Tuesday, May 06, 2008


Loving You

You may have heard of the death of Mildred Loving. She was half of the interracial couple that the State of Virginia jailed and tried to force to leave the state for the simple fact that they were married:

In June 1958, two residents of Virginia, Mildred Jeter, a Negro woman, and Richard Loving, a white man, were married in the District of Columbia pursuant to its laws. Shortly after their marriage, the Lovings returned to Virginia and established their marital abode in Caroline County. At the October Term, 1958, of the Circuit Court ... of Caroline County, a grand jury issued an indictment charging the Lovings with violating Virginia's ban on interracial marriages. On January 6, 1959, the Lovings pleaded guilty to the charge and were sentenced to one year in jail; however, the trial judge suspended the sentence for a period of 25 years on the condition that the Lovings leave the State and not return to Virginia together for 25 years.
This chilling statement came from the sentencing judge:

Almighty God created the races white, black, yellow, malay and red, and he placed them on separate continents. And but for the interference with his arrangement there would be no cause for such marriages. The fact that he separated the races shows that he did not intend for the races to mix.
The Lovings returned to the District of Columbia but, in 1963, they sought to have their convictions and sentences overturned on the grounds that Virginia's antimiscegenation statutes violated the Fourteenth Amendment of the United States Constitution. After wending its way through various courts, the case went before the Supreme Court of Appeals of Virginia, which upheld the convictions, giving as its rationale that the state had legitimate purposes "to preserve the racial integrity of its citizens," and to prevent "the corruption of blood," which would result in "a mongrel breed of citizens," and "the obliteration of racial pride."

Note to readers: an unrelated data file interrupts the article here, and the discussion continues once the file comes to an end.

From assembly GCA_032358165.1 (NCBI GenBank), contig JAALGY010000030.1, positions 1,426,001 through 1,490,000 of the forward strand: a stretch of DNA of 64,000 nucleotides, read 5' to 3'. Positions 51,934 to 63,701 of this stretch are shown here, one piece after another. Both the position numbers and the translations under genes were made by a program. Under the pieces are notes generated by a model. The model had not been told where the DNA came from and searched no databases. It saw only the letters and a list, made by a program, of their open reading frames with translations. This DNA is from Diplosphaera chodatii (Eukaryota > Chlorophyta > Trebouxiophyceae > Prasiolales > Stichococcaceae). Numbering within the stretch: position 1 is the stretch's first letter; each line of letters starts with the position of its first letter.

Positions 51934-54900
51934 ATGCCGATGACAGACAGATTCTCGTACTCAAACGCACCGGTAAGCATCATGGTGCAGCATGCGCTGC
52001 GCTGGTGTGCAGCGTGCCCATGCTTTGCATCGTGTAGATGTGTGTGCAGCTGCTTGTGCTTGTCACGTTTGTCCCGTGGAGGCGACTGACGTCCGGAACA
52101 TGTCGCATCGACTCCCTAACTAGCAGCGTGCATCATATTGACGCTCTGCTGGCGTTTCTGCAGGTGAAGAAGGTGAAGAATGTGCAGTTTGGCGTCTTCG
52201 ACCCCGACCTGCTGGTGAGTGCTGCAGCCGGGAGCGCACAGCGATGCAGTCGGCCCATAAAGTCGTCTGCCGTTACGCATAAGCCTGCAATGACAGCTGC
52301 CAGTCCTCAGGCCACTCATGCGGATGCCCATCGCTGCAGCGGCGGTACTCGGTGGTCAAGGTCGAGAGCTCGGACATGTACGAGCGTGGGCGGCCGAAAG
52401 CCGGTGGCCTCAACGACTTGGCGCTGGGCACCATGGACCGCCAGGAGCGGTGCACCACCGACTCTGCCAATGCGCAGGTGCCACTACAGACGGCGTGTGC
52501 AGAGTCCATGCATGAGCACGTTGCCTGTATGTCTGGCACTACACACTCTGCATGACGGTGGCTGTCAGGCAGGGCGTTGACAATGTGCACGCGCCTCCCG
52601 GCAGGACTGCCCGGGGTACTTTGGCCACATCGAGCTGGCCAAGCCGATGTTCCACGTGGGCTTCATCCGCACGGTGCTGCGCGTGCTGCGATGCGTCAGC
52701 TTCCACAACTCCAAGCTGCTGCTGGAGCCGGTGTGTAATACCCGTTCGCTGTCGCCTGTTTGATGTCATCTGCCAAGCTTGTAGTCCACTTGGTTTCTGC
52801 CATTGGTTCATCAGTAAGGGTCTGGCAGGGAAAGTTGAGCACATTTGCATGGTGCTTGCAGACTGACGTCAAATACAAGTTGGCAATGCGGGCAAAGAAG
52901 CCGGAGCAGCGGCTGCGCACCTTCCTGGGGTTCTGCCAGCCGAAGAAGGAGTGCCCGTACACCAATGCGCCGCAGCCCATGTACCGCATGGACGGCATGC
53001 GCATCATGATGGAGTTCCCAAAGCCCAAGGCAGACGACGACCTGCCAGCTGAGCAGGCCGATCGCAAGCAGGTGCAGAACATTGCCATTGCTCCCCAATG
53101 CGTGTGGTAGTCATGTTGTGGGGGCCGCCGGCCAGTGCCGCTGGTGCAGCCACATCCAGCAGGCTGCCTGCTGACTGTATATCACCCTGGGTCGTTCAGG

On June 12, 1967, the Supreme Court of the United States, in a unanimous decision, overtuned the Loving's convictions. Chief Justice Earle Warren, writing for the Court, stated:

These statutes also deprive the Lovings of liberty without due process of law in violation of the Due Process Clause of the Fourteenth Amendment. The freedom to marry has long been recognized as one of the vital personal rights essential to the orderly pursuit of happiness by free men.

Marriage is one of the "basic civil rights of man," fundamental to our very existence and survival. ... To deny this fundamental freedom on so unsupportable a basis as the racial classifications embodied in these statutes, classifications so directly subversive of the principle of equality at the heart of the Fourteenth Amendment, is surely to deprive all the State's citizens of liberty without due process of law. The Fourteenth Amendment requires that the freedom of choice to marry not be restricted by invidious racial discriminations. Under our Constitution, the freedom to marry, or not marry, a person of another race resides with the individual and cannot be infringed by the State.
Nor was Virginia an aberration. To our national shame, Virginia was only one of 16 States which prohibited and punished marriages on the basis of racial classifications at the time. Today, our shame continues in denying marriage on the basis of an equally arbitrary category: sexual orientation.

There is a Loving Day celebration now every June 12th. It couldn't be better named.

The Lovings were true heroes. Thanks for highlighting them like this.
I'm glad to.
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